American Cervid Alliance

Unity Needed to Battle Deer Disease

February 1, 2017

Victoria Advocate

By Travis Lowe - Guest Column
 July 28, 2016 at 8:06 p.m.

More and more people across Texas are hearing about chronic wasting disease. It's a prion disease that impacts members of the deer family, which includes elk and moose. Some states found it years ago and others just recently.

However, the response to finding chronic wasting disease, particularly by the state wildlife agencies, has been troubling and could have lasting harmful impacts on the mind of the public. We all agree we need to protect the state's animals from chronic wasting disease, but we cannot cut off our nose to spite our face.

For example, when Texas found chronic wasting disease in a farmed whitetail herd last year, the Texas Department of Parks and Wildlife proposed unprecedented rules on already highly regulated private deer ranches. The Missouri Department of Conservation did the exact same thing two years ago. These moves didn't make much logical sense since there are already state and federal regulations on deer farms, including a 14-year-old certification program designed to mitigate chronic wasting disease appearing on a deer farm.

But these agencies justify the new onerous rules by speculating the disease will lead to the plight of the state's wild deer population. In reality, there is no proof of that in any state or place around the world. Arkansas, which found Chronic Wasting Disease for the first time earlier this year, has detected over ninety cases of chronic wasting disease in wild deer and elk in just one area of the state. Experts speculate the disease has been in the state for over a decade. Yet, the Arkansas wild deer herd has not suffered and, until this February, Arkansas insisted it did not have the disease at all. (Clearly that was wrong.)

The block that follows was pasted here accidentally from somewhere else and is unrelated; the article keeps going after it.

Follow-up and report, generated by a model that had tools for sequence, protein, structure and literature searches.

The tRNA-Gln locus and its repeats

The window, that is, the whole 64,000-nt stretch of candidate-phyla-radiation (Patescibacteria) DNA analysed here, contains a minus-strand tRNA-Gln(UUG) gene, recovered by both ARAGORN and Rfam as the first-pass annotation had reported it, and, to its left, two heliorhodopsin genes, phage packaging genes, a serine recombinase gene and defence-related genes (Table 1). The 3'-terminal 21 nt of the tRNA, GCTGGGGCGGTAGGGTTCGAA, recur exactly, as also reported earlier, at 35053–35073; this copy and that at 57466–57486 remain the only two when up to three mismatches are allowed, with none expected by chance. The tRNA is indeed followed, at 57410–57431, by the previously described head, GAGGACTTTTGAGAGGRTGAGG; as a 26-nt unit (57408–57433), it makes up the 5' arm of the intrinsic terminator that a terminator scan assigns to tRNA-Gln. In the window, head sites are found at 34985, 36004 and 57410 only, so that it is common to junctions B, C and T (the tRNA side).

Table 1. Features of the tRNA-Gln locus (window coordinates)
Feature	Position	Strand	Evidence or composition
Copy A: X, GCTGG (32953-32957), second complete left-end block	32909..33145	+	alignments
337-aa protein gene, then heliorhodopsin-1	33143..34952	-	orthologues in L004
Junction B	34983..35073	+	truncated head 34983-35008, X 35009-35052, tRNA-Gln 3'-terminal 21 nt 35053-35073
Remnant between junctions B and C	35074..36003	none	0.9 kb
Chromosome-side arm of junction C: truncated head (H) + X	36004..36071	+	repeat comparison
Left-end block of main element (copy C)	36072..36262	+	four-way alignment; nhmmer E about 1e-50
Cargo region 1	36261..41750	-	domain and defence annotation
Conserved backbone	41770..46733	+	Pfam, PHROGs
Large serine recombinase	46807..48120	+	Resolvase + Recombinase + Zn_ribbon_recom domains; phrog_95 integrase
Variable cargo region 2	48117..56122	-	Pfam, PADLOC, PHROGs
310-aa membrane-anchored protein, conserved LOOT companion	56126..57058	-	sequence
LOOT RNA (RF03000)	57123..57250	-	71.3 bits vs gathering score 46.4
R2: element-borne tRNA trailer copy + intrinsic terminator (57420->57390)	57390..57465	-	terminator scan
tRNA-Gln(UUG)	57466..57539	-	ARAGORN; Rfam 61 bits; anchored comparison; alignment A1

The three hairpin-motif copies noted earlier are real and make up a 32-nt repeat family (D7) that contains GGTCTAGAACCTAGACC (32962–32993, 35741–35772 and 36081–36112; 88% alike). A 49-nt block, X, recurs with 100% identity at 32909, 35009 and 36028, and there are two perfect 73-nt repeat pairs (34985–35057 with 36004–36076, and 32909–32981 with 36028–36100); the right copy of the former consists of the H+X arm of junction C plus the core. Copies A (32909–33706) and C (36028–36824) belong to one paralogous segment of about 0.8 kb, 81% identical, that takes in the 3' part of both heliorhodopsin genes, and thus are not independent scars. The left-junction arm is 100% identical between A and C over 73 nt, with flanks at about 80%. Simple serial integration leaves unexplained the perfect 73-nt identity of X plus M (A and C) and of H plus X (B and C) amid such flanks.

On top of this, political actors have tried to use chronic wasting disease to divide the community. In Texas, representatives of "low-fence" hunting ranches have used chronic wasting disease as a pretext to attack "high-fence" hunting ranches that they compete with. Similar shenanigans have gone on in other states' legislatures.

The political and PR smear tactics employed when chronic wasting disease is found are counterproductive.

For one, they are going to implant fear in the minds of the public that hunt and eat wild deer, despite the fact that health authorities say there is no evidence of chronic wasting disease ever affecting people. This will lead to declines in hunting, permit sales and devaluation of hunting land itself. Less fees, less funding for state wildlife agencies.

Legal battles also cost the state - that is, taxpayers - as well as private deer farms and hunting ranches. States like Texas and Missouri responding this way are now being sued by private ranches for violation of private property rights with regulations that are not based on sound science. For the same reason, the Iowa Department of Natural Resources lost a legal case for their response to deer farmers on chronic wasting disease in 2014. The judge said the department response was "irrational, illogical and wholly unjustifiable."

States should be working with other states and private deer and elk ranches to combat the disease, not turn on each other. After all, private deer and elk ranchers have spent millions of dollars investing in a live-animal test for chronic wasting disease and a vaccine. They don't want chronic wasting disease around any more than anyone else.

Hunters and the public need to remember chronic wasting disease has not devastated any wild herds, and the disease is not harmful to humans or other livestock. For the sake of the future, let's remember we are on the same side.

Travis Lowe is executive director of the North American Elk Breeders Association and is a Dallas/Fort Worth native. He may be emailed at

http://C:\Users\travisl\Desktop\Unity needed to battle deer disease - Victoria Advocate - Victoria, TX.mht


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